Looking for Parenting Tips to Manage 2 y.o's Temper Tantrums

Updated on December 13, 2010
A.R. asks from Madison, WI
8 answers

My son is 2 (will be 3 in March). He definitely has had his share of temper tantrums starting before he turned 2. There was a period of time this summer/Fall when it felt like he wasn't having them very often at all. However, in the past month, it seems like when he does have them (few times/week), they are more severe than they were in the past. For example, today we got home and he didn't get his way about something so he proceeded to sream and cry hysterically for about 30 minutes straight. Part of that time included throwing things around the house and continuously hitting me and following me around the house. For the first 15 minutes, I was able to disengage and just let him scream. But when the hitting and throwing starts that is when i have a really hard time disengaging and keeping my cool. I am at a total loss...I don't know the proper way to handle this behavior. I try putting him in his room to calm down and separate, but this involves me holding the door closed because he can easily get out. So, while I'm doing this he is banging on the door, moving furniture, etc. I attempt to tell what he CAN do in these situations (use your words, take a break, etc.), but that doesn't help because he is hysterical. The only thing that eventually made him stop hitting me and calm down was when I had a breakdown and began crying myself and telling him how much this hurt me, which is not the way I wanted it to go but I was so upset that I couldn't help it. Then 5 minutes later, he is back to his sweet self. In the grand scheme of things it is very short lived, but at the time it feels like an eternity and I'm just at a total loss on how to properly handle these situations when they are happening. It doesn't help that I'm 31 weeks pregnant either! I'm looking for any practical tips/skills that I can use when he his behaving this way. THANKS!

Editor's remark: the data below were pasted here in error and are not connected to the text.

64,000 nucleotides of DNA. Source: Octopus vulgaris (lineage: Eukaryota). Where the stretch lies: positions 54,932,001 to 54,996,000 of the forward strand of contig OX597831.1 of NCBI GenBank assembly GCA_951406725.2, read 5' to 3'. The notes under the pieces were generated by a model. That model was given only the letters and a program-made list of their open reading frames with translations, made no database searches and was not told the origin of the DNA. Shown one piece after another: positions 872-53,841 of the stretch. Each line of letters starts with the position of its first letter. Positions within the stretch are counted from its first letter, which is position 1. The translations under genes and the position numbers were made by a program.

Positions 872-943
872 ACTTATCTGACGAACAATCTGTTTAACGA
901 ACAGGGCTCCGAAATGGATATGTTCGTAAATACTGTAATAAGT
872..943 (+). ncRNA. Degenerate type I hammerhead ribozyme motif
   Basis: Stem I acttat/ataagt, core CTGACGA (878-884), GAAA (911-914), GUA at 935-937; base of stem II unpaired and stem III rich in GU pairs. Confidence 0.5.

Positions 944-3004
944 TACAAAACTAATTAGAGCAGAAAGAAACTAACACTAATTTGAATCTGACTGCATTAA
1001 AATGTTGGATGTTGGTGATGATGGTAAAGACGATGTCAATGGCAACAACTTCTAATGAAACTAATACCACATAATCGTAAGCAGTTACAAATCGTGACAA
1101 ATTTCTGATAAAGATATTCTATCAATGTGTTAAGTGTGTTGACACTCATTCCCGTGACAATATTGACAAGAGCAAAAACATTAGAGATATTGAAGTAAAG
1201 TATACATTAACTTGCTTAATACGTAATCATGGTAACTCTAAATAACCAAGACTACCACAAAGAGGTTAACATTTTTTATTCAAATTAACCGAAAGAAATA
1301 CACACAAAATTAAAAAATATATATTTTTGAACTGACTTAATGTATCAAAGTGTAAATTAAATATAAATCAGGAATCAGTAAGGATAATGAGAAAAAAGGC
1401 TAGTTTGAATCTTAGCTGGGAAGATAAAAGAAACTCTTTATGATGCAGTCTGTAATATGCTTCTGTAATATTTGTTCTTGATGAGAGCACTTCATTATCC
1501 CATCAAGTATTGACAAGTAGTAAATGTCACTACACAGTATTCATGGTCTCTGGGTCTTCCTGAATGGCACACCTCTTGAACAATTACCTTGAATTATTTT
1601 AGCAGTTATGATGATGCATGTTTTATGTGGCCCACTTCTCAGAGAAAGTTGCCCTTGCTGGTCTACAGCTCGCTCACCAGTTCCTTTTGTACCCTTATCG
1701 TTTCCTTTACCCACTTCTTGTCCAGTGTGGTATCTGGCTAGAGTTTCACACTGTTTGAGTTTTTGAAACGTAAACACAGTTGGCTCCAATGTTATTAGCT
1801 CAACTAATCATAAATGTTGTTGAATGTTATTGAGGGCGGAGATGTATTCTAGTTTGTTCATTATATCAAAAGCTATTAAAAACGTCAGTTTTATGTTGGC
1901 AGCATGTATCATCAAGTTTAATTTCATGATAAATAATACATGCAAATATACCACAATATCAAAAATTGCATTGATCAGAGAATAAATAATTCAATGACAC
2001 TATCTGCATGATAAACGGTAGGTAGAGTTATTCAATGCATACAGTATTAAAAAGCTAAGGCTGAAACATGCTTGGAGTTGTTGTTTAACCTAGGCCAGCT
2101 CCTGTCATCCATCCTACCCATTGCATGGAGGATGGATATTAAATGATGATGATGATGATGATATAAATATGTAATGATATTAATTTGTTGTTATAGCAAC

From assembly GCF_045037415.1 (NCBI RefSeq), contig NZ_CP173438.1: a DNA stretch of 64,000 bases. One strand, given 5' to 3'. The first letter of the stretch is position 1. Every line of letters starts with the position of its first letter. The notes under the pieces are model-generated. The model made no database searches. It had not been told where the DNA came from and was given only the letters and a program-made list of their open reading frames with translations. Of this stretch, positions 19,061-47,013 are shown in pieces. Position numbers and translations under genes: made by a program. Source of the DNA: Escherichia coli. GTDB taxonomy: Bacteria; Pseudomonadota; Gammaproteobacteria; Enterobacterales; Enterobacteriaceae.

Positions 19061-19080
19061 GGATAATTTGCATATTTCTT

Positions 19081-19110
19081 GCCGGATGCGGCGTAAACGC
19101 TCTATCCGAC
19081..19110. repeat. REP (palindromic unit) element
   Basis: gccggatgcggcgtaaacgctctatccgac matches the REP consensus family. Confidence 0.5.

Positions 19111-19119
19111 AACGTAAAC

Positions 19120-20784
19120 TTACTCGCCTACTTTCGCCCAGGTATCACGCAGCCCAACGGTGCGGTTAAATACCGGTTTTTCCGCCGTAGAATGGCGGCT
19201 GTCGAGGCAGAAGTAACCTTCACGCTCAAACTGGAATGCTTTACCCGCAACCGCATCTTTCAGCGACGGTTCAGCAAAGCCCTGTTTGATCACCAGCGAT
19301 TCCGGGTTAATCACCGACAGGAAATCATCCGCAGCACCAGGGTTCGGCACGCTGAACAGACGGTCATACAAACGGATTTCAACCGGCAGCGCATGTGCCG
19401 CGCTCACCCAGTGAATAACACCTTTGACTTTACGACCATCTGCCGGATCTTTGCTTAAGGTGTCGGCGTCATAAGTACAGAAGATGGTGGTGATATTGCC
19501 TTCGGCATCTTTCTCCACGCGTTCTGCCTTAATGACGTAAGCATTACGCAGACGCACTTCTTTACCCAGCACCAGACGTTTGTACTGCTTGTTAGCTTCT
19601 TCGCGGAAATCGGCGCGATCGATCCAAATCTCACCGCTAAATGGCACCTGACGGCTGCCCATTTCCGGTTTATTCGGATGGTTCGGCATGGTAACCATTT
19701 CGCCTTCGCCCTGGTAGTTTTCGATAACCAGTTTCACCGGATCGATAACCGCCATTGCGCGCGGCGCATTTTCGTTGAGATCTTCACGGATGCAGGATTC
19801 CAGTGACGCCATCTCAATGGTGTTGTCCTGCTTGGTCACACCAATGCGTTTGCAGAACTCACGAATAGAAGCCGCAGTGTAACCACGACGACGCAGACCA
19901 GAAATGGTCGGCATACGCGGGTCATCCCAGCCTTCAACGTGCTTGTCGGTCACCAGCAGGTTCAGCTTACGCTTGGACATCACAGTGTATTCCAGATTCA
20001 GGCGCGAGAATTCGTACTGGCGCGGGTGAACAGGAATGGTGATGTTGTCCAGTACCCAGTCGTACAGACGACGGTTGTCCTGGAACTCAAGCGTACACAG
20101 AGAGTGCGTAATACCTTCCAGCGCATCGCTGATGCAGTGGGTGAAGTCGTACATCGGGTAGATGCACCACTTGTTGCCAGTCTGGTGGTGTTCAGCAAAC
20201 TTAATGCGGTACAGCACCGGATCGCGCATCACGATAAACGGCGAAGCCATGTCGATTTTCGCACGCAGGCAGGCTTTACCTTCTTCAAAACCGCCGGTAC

What can I do next?

  • Add yourAnswer own comment
  • Ask your own question Add Question
  • Join the Mamapedia community Mamapedia
  • as inappropriate
  • this with your friends

Featured Answers


answers from Chicago on

Read 123 Magic.
It has saved my life with tantrums and whining. No joke.

These days, I seldom make it to 2 before he gives in (DS is 2.5, also).
If we do have to act, we are consistent in taking away whatever "it" was about. And if he's just whining/screaming for no reason, he gets a time out in his room. The prospect of that alone is usually enough to stop the behavior when we don't do the counting.

1 mom found this helpful

More Answers



answers from Cleveland on

Wow, this sounds like a post I would right or close to one I have lol. Read some oy my posts actually if you want.